The Conspiracy Theory of History Revisited
by Murray Rothbard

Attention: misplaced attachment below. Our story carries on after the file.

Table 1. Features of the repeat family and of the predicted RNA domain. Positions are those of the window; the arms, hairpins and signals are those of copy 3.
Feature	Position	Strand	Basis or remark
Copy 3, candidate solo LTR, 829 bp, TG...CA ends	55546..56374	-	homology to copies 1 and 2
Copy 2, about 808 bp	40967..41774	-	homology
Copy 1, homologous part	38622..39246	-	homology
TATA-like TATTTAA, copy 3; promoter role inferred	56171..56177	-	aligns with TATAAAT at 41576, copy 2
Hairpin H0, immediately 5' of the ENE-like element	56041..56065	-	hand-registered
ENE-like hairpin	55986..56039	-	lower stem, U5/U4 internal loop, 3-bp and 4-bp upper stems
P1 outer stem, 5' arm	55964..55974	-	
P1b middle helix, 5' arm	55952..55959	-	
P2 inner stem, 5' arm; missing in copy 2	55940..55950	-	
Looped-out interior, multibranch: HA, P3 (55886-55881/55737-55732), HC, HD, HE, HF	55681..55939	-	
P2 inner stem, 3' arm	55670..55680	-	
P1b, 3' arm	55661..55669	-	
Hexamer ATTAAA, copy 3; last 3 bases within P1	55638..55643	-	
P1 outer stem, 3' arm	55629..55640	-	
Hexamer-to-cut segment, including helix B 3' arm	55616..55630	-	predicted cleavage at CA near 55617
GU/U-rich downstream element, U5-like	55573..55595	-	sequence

Let us take an easy example. Suppose we find that Congress has passed a law raising the steel tariff or imposing import quotas on steel? Surely only a moron will fail to realize that the tariff or quota was passed at the behest of lobbyists from the domestic steel industry, anxious to keep out efficient foreign competitors. No one would level a charge of "conspiracy theorist" against such a conclusion. But what the conspiracy theorist is doing is simply to extend his analysis to more complex measures of government: say, to public works projects, the establishment of the ICC, the creation of the Federal Reserve System, or the entry of the United States into a war. In each of these cases, the conspiracy theorist asks himself the question cui bono? Who benefits from this measure? If he finds that Measure A benefits X and Y, his next step is to investigate the hypothesis: did X and Y in fact lobby or exert pressure for the passage of Measure A? In short, did X and Y realize that they would benefit and act accordingly?
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